Britta's Letters from (and sometimes about) Berlin

Sunday, 30 August 2020

Would You Entrust this Mail Box with Your Post Ballot?


  

Dear You, 

I read Joanne's vibrating post about the American election and that she distrusts the post to deliver the post ballot

Here in Germany we hear about that distrust a lot, and if I were you I would walk miles to the next polling location to give my vote personally to be sure that it counts. 
But what of the old people, the infirm, or people who have or fear to catch Corona? 

In the Sunday paper "Die Welt am Sonntag" I found an interesting article about the American postal system. 

The United States Postal Service was founded by Benjamin Franklin because the 13 British colonies strived for independence. "The postal system" so the journalist Matthias Heine, "thus was older than the 1776 founded country which it served." 
And, he emphasises, it is the office the contemporary Americans trust most. 

When president Trump and administration chief Louis Joy, who was assigned by Trump,  now remove many, many mailboxes and lay up post sorting machines, Trump's political opponents see that as an attempt to manipulate the election. 
Instead of 33 million Americans who voted 2016 through mail, now - because of Corona, so Heine, it could be the double number of mail voters. 

As literary scholar (and always loving "the little peculiar things") I was amused to read that
 William Faulkner and Charles Bukowski worked in post offices while preparing to become authors. 

Faulkner opened his store only if he wanted, he played cards in the back-room while people waited outside, read the letters of other people and threw away what he thought unimportant. 
Charles Bukowski (you can read that in his novel "Post Office") worked lazily, but stayed 11 years. 
They could not fire him. 
And the journalist Heine ends his article with the words: 
"Trump would find in the novel (= Post Office) a few more good arguments for his distrust of the Postal Service." 

But don't get that journalist wrong: he is not pro-Trump. Some lines before he writes: 

"Trump has manifold insinuated that through post ballot on a massive scale it could come to massive election fraud - against him, of course" (Matthias Heine, tongue in cheek).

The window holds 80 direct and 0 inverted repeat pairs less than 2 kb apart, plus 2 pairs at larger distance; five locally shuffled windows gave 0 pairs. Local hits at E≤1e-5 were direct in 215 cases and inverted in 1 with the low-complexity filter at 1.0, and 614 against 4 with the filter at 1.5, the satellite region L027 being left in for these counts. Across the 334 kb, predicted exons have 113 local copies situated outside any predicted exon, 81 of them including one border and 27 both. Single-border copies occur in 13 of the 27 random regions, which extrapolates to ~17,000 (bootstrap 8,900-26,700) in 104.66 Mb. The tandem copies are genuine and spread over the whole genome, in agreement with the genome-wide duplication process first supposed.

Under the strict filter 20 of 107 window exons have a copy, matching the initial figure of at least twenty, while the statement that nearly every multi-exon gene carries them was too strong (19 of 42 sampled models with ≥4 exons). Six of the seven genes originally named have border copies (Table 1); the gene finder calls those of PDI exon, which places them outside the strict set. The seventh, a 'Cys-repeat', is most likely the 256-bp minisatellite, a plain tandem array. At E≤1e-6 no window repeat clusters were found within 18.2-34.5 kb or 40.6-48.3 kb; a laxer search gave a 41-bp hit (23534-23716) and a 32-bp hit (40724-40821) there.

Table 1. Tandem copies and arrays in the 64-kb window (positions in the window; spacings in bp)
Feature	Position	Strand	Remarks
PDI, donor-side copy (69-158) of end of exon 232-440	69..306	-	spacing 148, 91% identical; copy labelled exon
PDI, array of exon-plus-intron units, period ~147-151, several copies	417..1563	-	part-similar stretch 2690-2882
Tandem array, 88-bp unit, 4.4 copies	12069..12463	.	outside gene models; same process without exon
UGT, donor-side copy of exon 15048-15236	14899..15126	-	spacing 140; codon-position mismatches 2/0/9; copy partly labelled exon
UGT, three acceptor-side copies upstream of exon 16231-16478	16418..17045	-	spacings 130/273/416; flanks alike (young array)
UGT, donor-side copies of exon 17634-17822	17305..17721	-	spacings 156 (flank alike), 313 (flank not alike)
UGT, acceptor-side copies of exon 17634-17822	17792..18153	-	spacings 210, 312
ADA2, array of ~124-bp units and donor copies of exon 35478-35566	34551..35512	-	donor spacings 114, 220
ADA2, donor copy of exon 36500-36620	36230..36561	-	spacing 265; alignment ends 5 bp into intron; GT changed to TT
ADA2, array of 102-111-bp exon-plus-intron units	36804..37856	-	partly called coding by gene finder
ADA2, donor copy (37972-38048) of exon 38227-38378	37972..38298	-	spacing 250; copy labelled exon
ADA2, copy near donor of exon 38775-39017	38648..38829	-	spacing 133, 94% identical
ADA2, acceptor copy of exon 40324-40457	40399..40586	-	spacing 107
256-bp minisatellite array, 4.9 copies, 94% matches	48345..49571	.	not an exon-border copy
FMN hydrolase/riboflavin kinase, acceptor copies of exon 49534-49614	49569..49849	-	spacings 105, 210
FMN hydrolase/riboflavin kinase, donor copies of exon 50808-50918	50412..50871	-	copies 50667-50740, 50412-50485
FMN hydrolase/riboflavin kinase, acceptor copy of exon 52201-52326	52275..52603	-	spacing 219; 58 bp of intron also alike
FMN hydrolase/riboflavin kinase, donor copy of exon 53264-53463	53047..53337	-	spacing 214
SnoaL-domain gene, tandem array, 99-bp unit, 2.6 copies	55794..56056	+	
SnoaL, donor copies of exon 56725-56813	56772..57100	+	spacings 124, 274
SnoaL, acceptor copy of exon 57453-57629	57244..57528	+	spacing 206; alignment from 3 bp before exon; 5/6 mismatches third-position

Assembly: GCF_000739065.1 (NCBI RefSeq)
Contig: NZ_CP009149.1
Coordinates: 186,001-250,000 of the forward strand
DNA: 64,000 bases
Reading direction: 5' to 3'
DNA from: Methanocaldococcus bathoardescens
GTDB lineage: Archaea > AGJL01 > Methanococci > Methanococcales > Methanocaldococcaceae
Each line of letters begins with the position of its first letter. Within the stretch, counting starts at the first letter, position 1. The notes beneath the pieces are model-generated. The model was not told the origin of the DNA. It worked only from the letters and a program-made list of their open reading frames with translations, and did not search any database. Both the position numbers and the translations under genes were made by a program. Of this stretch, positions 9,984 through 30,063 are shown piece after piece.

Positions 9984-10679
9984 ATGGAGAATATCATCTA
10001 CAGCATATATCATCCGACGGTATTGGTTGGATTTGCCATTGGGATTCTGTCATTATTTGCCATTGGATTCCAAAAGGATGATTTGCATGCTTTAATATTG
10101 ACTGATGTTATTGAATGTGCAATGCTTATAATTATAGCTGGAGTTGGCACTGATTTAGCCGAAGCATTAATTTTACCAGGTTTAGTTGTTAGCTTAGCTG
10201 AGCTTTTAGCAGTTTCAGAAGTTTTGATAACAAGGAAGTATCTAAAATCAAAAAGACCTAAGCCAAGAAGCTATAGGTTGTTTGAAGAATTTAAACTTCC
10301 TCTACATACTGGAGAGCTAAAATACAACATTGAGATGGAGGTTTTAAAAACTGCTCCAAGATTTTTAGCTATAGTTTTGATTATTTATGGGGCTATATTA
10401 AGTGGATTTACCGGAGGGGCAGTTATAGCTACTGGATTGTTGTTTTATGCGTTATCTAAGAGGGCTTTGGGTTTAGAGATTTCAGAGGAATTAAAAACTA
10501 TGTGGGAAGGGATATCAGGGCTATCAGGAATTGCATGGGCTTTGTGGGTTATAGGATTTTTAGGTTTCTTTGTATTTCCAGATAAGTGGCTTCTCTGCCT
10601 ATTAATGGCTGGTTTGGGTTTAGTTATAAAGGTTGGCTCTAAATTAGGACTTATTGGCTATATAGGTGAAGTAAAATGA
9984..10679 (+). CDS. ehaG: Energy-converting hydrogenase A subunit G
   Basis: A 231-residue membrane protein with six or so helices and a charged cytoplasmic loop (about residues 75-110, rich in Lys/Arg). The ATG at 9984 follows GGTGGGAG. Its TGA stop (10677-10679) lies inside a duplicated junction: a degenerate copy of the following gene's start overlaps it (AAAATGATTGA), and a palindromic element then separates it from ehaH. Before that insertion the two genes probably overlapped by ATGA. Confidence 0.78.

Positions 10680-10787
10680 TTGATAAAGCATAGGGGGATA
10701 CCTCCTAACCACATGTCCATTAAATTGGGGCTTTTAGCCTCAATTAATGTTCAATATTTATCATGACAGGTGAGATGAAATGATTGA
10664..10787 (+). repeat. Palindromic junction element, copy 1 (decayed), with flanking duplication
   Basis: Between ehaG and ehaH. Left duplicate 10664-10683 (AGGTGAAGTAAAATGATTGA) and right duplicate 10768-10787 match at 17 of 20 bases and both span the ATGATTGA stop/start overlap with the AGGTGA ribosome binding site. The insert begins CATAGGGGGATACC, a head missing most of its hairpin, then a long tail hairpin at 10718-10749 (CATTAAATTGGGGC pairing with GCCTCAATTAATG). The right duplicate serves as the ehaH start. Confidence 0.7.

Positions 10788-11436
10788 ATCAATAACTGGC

Yours Truly,
Britta





Wednesday, 26 August 2020

Language, Decency and Manners

 


Dear You, 

if you look attentively at the picture above - which shows the Victoria-Luise-Platz in Berlin, one street away from my home - you might notice a little turret with a wind vane. (I do have a much sharper photo - but can't find it in the "cloud" of my computer among those over 16.000 photos... ). 

The turret is on the house number 9 where Victoria Luise, only daughter of Kaiser Wilhelm II (he had six sons) lived before her marriage on 2 storeys - there she went when she wanted to be alone, without the surveillance of the Imperial Court. 



I could tell you very much about that place (and the idea of the garden design; or the inhabitants of the gorgeous houses)  - but I do not know whether you are interested in historical details. 

Half a year ago, inspired by Rachel, I started reading biographies - and find it very rewarding. 

At the moment I read the autobiography of Victoria Luise. 

I don't want to judge the interesting and well-written book in regard to the deep prominent partiality and glorification of  the Emperor and the aristocracy. 

But remarkable is the "bon ton", the decency and deep respect in which this autobiography is written. (Easy, you might say, if you live on two storeys and are the daughter of an Emperor)

But that is so different from our hysterical media-world, where in serious broadcast discussions people use words full of hate and derision and vulgarity. 

Yesterday I heard a prominent young woman call the president of a well-known country (who also uses hateful foul language) "a bag of shit" - the fact might be true - but one could word it otherwise. 

What I mean is - though I might sound very old-fashioned: I miss something:  reverence for nature, for people, for ideas (also if they aren't mine). 

I am grateful to live in a democracy where I can say everything I like - but "It's not what you say, but how you say it"

The Media in the last 20 years gives more and more attention and voice to the vulgar. That might bring higher viewing figures - as bad news do (how they gloat each evening like vultures over little ugly morsels of corona!). I honestly want to be informed, but I don't want to be incited - thus I often choose to read a good newspaper instead. 

Sorry that I moan so much this time (which I seldom do, as you know). 

But I wish: 

Let decency, respect, democratic thinking, tolerance, awe for the beauty of creation come back